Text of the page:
3.20 Linear Feet

Language of Materials


Arrangement Note

The papers have been arranged into four groups of materials: correspondence, reports, university essays, and collected materials relating to Buggs' career and various subjects. The bulk of the materials document Buggs' career in education at Fessenden Academy at Martin, Florida, and his civil rights work in Los Angeles, California, during his time as Executive Director of the Los Angeles Committee on Human Rights.

Custodial History

There are several pieces of correspondence between Clifton H. Johnson and John Allen Buggs regarding the acquisition of Buggs' papers. Johnson began correspondence February 1973 with Buggs to collect his personal papers for The Amistad Research Center.

Source of Acquisition

John Allen Buggs

Method of Acquisition


Appraisal Information

The collection documents the career of Buggs as a teacher and principal at Trinity School at Athens, Georgia, and Fessenden Academy at Martin, Florida, and his work in civil rights, especially in Los Angeles, where he eventually became Executive Director of the Los Angeles Committee on Human Rights. Many of the writings and reports are related to his career and interests.

Accruals and Additions

There are six additions to the collection dating 1984. The materials are divided into 3 sections: personal correspondence, general correspondence, and other materials. The other materials are primarily reports and collected materials not yet arranged systematically. Correspondence in labeled folders are already arranged chronologically, others are not.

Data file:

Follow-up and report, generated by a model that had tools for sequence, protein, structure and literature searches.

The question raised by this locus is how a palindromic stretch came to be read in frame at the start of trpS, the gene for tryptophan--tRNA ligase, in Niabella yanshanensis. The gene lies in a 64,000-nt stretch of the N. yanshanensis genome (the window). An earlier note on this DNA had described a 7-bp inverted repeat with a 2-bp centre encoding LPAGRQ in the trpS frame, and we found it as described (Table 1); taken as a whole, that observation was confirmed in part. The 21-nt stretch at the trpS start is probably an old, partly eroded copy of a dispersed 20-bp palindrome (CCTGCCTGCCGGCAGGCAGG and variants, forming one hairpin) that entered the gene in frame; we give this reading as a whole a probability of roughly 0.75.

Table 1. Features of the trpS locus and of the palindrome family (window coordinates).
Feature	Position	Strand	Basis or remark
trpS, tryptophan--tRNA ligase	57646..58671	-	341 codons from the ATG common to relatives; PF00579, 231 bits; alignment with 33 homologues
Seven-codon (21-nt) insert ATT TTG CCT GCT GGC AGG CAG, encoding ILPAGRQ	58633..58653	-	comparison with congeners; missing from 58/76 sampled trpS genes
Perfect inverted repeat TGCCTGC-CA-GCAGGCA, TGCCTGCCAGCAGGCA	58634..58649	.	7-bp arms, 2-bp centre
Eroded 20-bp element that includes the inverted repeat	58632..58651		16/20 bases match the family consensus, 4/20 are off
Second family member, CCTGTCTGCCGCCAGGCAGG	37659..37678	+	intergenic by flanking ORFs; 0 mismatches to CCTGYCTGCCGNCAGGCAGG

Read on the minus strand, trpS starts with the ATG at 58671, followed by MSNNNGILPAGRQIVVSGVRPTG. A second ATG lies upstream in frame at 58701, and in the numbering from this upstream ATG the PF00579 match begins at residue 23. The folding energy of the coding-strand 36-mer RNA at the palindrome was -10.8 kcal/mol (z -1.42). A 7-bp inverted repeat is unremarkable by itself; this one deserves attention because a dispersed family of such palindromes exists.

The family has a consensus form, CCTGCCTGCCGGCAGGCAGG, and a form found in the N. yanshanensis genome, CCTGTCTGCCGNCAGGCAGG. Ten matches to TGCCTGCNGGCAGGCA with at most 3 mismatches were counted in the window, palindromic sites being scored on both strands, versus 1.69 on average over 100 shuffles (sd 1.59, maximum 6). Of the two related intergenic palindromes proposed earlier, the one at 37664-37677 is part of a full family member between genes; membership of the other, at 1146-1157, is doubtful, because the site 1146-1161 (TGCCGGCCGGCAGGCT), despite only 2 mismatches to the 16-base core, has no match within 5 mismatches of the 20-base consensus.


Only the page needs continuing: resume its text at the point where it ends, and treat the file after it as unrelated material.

Related Materials

The records of the American Missionary Association contain additional materials about Fessenden Academy and Trinity School. Related to the Buggs papers are the Frederick L. Brownlee papers and the Ruth A. Morton scrapbook, both held at the Amistad Research Center. The National Association of Human Rights Workers (NAHRW) records will contain materials about Buggs dating (1966-1967).

Other Descriptive Information

Correspondence Index attached as PDF.

Processing Information

This collection was processed in 1977.

John Allen Buggs Papers
Glenda Stevens and James H. Albins
Description rules
Describing Archives: A Content Standard
Language of description
Script of description
Code for undetermined script
Language of description note

Repository Details

Part of the Amistad Research Center Repository

6823 Saint Charles Avenue
Tilton Hall, Tulane University
New Orleans LA 70118 US
(504) 862-3222